To make sure that they comply with Internal Revenue Service (IRS) regulations and state and local government laws, companies must include crucial employee and company information in their payroll systems. Setting up and running the different components that comprise a payroll system requires due diligence and adequate knowledge of tax legislation. As a result, it is common for companies to hire an external consultant, bookkeeper or payroll service to deposit tax payments, process W-2s, manage retirement and insurance plans and perform other payroll-related duties.
During the new hire process, companies must collect information such as medical insurance and W-4 forms to determine what should be deducted from an employee’s paycheck. These forms also provide employers with crucial information, such as the employee’s Social Security number and their withholding amount for federal and state tax purposes. The system must also track and process changes made to the employee’s tax exemption status, pensions, insurance plans or retirement funds.
As part of the new hire process, payroll systems include a component that designates which employees are full time, part time and contractors. Classifying workers in a payroll system is important since the government levies high penalties on companies that categorize employees incorrectly.
Without knowledge of the number of hours an employee has worked, employers cannot determine what to pay an employee. While some workers are paid a salary, others are compensated hourly or designated as nonexempt employees. Payroll systems include timesheet information or areas where hourly and nonexempt employee hours are recorded and reviewed for accuracy. Information can be collected through a computerized time clock, punch card stamp clock or paper timesheet.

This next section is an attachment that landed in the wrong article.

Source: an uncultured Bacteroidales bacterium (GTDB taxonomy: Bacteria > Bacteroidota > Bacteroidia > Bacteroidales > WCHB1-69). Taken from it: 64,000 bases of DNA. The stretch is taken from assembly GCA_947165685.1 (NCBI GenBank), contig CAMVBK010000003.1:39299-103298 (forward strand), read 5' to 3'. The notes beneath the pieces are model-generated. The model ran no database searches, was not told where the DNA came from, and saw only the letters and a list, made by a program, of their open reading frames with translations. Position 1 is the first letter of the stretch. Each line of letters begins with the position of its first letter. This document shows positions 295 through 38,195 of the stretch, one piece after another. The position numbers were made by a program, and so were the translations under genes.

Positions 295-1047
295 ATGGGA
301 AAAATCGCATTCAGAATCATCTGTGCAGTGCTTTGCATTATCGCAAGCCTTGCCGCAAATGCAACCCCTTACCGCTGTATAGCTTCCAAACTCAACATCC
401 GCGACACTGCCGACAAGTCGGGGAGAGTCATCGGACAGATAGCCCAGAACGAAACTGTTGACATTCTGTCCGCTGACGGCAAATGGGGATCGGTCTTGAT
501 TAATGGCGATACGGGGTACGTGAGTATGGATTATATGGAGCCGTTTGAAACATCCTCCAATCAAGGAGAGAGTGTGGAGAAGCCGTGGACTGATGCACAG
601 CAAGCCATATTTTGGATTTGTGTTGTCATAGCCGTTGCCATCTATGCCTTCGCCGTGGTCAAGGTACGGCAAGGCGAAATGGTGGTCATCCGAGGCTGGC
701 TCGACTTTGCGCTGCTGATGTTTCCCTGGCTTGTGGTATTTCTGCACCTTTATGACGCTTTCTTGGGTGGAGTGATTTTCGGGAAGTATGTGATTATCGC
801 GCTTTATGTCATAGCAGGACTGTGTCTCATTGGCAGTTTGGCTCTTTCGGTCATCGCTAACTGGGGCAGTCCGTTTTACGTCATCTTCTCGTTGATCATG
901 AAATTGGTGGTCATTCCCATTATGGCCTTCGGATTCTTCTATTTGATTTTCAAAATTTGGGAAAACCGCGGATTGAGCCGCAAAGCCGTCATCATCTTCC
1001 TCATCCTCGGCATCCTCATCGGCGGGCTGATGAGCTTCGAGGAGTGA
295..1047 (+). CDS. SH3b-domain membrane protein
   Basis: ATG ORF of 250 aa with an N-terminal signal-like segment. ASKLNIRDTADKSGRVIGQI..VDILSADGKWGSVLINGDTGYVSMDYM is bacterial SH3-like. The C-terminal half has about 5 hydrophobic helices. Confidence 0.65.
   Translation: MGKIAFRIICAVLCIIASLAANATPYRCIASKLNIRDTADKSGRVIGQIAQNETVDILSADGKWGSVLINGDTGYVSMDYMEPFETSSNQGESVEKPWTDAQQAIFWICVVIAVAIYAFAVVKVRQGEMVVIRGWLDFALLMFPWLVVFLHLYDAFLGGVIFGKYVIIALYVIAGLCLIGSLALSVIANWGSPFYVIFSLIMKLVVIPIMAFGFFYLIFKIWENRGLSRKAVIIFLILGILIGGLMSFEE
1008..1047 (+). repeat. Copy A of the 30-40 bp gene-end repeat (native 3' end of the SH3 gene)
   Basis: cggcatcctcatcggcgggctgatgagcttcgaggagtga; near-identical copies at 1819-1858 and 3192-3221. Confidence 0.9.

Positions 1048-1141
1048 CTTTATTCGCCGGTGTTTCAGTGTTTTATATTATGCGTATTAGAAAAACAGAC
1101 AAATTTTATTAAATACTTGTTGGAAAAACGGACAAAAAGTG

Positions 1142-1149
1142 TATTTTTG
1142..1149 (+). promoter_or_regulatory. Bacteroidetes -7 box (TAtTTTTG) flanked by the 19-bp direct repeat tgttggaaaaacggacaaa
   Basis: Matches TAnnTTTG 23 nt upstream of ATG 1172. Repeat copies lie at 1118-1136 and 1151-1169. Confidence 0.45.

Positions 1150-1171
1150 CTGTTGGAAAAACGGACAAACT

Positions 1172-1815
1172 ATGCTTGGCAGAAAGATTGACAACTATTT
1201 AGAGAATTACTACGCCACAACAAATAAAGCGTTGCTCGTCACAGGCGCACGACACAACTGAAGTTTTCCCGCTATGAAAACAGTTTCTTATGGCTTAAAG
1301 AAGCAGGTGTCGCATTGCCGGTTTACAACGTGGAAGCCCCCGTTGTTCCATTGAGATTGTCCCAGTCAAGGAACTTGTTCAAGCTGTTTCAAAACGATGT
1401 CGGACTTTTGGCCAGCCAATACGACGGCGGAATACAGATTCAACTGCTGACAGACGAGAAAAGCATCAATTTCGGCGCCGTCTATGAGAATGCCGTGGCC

Although the IRS provides companies with tax tables to calculate employee tax withholdings, vendors and payroll computer systems can also supply this information. Employers must consider year-to-date annual earnings, wage levels and tax allowances when summarizing applicable taxes. In addition, payroll systems must calculate deductions made through pension plans, 401(k)s, insurance plans, union dues and garnishments. The payroll department also monitors loans and other deductions that have cap amounts and ceases paycheck deductions when the total amount has been repaid.
The payroll register summarizes employee earnings and deduction information in a journal entry that is inserted into the general ledger for accounting and general research purposes. Payroll registers are also used to create tax reports. These documents are prepared by payroll staff or generated using payroll computer systems.
Occasionally, companies issue manual paychecks to employees between pay periods because of termination or a payroll error. Payroll systems must account for the check amount in the payroll register for tax and reporting purposes. This ensures that the employer’s tax withholding amount is reconciled with employee deductions.